Geoff Kabaservice: Yeah, it’s Kafkaesque in the most literal sense of the word. It seems to me that your approach is not moderate or centrist per se, but you are pointing out the limitations of both the left and right approach to policymaking and implementation. And you point out that the right wants to shrink government by starving it of knowhow, digital or otherwise. But it hasn’t shrunk government through this approach; it has actually ballooned it. You write that “We spend billions of dollars on satellite software that never goes into space, pay vendors for web forms that don’t work, and make applying for government services feel like the Inquisition.” This is the opposite of the kind of non-intrusive, small government that conservatives intended.
And on the liberal side — I feel like this has been much more covered in recent years — but liberals approach all the problems of policy with a really overly technocratic expertise and a legalistic one, which prevents them from achieving the ends that they say they want, such as building affordable housing and addressing climate change. So what advice would you give to both left and right about how to move beyond this unproductive paradigm?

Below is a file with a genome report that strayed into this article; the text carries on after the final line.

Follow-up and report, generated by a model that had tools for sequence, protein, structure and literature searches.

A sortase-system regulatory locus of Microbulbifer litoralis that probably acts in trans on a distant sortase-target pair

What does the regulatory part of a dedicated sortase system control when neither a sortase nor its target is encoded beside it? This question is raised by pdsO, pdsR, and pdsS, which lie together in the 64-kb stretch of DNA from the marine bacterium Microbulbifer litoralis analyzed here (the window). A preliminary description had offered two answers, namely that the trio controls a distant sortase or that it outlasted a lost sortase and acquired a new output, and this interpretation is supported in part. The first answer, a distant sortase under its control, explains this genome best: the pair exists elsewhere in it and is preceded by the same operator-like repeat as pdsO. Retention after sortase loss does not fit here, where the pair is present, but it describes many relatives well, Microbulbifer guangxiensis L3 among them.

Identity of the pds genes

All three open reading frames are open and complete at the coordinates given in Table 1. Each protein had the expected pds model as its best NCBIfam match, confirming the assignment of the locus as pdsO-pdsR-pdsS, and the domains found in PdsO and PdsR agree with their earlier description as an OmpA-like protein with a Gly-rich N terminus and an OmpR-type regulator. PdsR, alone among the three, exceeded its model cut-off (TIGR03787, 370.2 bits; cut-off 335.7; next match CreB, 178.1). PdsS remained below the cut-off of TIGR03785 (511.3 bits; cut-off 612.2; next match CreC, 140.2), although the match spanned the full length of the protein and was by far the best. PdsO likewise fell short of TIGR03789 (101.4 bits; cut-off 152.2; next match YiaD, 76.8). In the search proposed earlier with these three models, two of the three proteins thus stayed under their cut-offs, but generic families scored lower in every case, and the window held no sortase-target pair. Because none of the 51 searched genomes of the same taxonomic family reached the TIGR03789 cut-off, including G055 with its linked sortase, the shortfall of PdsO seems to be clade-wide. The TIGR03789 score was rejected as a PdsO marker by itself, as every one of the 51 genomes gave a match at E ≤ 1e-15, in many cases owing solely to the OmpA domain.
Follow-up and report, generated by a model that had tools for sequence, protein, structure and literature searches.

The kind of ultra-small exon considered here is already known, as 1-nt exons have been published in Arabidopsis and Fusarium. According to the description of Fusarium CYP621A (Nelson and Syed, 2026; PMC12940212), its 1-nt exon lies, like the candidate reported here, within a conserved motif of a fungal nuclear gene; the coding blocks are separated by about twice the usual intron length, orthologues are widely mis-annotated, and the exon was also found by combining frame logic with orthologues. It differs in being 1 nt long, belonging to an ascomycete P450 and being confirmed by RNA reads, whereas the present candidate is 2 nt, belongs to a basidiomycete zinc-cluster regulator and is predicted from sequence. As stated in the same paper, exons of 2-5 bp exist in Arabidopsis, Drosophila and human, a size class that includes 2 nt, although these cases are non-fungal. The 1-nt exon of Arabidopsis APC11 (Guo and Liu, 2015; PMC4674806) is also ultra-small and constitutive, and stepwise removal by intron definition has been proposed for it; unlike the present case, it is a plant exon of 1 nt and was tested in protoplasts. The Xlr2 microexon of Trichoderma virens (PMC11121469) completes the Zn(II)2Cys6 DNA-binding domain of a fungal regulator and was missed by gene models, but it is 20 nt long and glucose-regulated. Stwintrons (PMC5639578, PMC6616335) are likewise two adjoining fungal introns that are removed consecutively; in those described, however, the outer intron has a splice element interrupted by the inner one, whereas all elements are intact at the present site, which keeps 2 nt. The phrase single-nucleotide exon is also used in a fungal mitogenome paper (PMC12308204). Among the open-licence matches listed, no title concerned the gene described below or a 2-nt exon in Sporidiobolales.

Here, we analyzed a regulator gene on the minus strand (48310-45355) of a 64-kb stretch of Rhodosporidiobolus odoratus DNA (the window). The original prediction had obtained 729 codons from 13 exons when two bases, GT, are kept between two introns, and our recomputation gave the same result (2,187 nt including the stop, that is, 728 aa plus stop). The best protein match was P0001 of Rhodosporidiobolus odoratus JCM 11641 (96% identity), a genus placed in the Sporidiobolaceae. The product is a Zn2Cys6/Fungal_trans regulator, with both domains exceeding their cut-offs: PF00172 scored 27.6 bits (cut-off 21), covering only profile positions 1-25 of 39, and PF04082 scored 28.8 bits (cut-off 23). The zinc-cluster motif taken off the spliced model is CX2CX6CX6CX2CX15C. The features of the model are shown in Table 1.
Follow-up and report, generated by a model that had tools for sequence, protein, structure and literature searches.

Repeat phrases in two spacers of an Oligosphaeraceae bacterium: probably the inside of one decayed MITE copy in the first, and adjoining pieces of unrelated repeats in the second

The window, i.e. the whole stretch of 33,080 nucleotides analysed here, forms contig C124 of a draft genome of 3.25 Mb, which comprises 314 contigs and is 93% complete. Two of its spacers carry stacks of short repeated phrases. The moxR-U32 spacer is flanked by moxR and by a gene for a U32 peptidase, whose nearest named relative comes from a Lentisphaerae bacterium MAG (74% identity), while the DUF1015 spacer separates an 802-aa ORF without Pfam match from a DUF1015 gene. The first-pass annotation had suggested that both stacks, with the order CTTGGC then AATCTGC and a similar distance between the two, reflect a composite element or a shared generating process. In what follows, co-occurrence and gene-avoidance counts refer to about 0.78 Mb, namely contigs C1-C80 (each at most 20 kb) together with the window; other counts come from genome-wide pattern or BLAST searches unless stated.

Jennifer Pahlka: Well, I think they should move beyond the unproductive paradigm. I think it’s also important just in the general public to not just think about the divide of the left and right, but to think about the divide between people. There’s sort of two different divides. There is obviously a divide between those who want to improve state capacity — and by that, I do not mean make government bigger, I mean the things I talked about earlier: have the right skillsets so that we get a lot more outcomes for our money, which includes thoughtfully designing government services instead of just letting them accrue over time — and those who want to dismantle the state.
There’s a lot going on that front. I have the “Mandate for Leadership” from the Heritage Foundation here on my desk, all 900 pages of it. And someone pointed me at Chapter Three, where the folks who are trying to advise what they would assume be would be an incoming Republican president, they want to advise that person on what they would do for the civil service. And they really just want to be able to fire people, basically. They want to reinstitute Schedule F.
I want to be able to hire people. I would like there to be a similar plan written not by the Heritage Foundation and not necessarily by a left-wing think tank — maybe you guys can write it at Niskanen — about how we make it a lot easier to hire people. Because we have fantastic people who want to join government, who have exactly those skills that will make government cost less and be better. It’s “tastes great, less filling.” It takes nine months to hire them or to make them an offer — in which time they’ve gone on to another job.